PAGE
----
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Running into Happiness

By Jennifer Worden 

Jennifer is a mom of three and lives in Northern Michigan. She spent her 20s living in Los Angeles, London, and Chicago before returning to her home roots. In the last year, she started running again. We sat down to talk with her about how it felt to start from scratch, how running has impacted her mental well-being, and what advice she has for other moms who want to try but might be stuck at the starting line. 

What made you decide to start running? 

In December of last year (2021), I looked in the mirror and saw someone I didn’t recognize – not just because of the extra weight I was carrying, but because of how unhealthy I looked. We had gotten a puppy recently, and I knew I would have to walk him often. I would walk him twice a day, sometimes jog, and simultaneously push a stroller with my son. I started noticing how much better I felt and noticing some weight loss. 

I decided to look into the next 5k in my town, and it turned out it was the Leapin’ Leprechaun. I had run this race pre-COVID, so why not give it another go? (Mind you, the weather in Northern Michigan is unpredictable, and it ended up being -5 with the wind chill) I finished the race tired and cold but craving more. I had grown up in cross-country and then just enjoyed the odd off-and-on run, either on the treadmill at the gym or outdoors.

How has running impacted your mental health and mindset? 

I, along with millions of others during COVID, experienced a lot of anxiety and depression. I didn’t know how to get out of it. Once I started moving my body, I realized how much it helped my overall mindset. I was smiling and feeling all the endorphins; it basically turned into my therapy. 

How did you decide that signing up for a race was something you were interested in doing? 

I had run a few races here and there, just randomly, when I felt like it. But when I started running consistently, I noticed I craved more races. Side note I am very competitive, so when I saw my times improving, I had more of an urge to sign up for other races.

Several races down and a recent marathon under your belt – how are you feeling? Can you share what the early days felt like and what you feel now?

I just ran my 10th race of the year this weekend. How far I have come in such a short time still blows my mind. It really shows the power of the mind and body when you stick to something and make it a routine. Despite a nagging injury from the Chicago Marathon (I have been working on strength training and stretching to help), I feel great. I am ready to see what is to come in 2023. The Berlin Marathon is my big one 🙂

As a mom, it’s so hard to make time for ourselves. What do you do to ensure you get that time for yourself?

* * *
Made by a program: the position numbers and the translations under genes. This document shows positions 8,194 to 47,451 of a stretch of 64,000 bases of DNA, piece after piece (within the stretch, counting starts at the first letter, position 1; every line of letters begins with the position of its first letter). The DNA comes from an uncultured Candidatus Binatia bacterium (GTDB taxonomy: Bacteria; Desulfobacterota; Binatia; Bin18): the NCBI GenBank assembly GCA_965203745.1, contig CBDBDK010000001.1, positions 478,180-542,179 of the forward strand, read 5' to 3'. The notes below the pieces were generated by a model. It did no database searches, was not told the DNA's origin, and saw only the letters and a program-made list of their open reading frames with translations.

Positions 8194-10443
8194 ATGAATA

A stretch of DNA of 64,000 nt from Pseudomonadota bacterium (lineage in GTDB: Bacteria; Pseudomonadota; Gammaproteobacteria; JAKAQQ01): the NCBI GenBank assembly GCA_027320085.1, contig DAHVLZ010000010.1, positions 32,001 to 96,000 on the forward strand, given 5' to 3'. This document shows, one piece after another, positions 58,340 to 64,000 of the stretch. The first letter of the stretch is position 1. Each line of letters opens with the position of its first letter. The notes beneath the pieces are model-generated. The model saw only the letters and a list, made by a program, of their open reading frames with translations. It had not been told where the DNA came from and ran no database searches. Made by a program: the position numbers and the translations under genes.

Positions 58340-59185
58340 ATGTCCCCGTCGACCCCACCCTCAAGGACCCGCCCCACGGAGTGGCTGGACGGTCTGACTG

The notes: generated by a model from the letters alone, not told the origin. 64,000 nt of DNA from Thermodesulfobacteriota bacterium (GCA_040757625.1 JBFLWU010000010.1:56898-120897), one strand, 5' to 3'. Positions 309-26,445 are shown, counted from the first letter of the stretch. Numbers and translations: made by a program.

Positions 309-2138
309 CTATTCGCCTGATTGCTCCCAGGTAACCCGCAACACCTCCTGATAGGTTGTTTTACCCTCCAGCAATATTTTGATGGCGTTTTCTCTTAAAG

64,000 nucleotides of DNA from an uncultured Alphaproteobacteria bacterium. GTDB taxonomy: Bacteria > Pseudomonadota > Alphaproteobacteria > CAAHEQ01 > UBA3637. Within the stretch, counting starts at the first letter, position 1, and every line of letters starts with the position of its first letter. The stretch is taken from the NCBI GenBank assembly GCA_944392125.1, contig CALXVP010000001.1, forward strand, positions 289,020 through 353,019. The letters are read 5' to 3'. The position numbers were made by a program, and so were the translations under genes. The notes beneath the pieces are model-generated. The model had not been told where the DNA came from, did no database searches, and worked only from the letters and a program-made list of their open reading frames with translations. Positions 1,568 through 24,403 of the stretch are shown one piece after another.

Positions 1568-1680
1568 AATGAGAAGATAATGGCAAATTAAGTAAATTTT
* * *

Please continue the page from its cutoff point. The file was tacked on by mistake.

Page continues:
This was my biggest obstacle at first. I felt guilty taking the time to run because I felt like I was taking away time from my kids. My husband’s support, cheering me on and allowing me to train, has been my biggest help throughout this journey. I couldn’t have done it without him.

How has dedicating that time to running impacted you as a mom? 

When I finally realized that it’s OK to take the time for myself and how important it actually is, I had a breakthrough. I would come back from my runs happier, and, in turn, helped me to be a better mom. My kids saw me accomplishing something I didn’t think was possible. They saw that hard work and determination can lead to some pretty amazing things. I was very emotional seeing my family on the side cheering me on at the Chicago Marathon. They were so proud of me, and I am so thankful they were there. 

What advice and insight would you share from your journey for those who would like to try running but are starting from scratch?

The biggest advice I can give is to TAKE YOUR TIME. You need a base to build on; you can only go out and run a marathon with proper training – and don’t worry about your time at first. When you push yourself too hard at first, you will get injured. Also, I want to stress the importance of strength training. You don’t need a gym for this, either. Resistance bands, foam rollers, and/or therapy guns are your friend. Also, running doesn’t always have to involve racing. Whether running around your neighborhood, running a 5k or a 10k, or training for a marathon, running is universal for everyone! Figure out whatever makes YOU the happiest. 

You can follow Jennifer and her running journey at @workingonmyrunpace on Instagram, where she gives updates on her races, her running routines, and the gear she finds most useful. 

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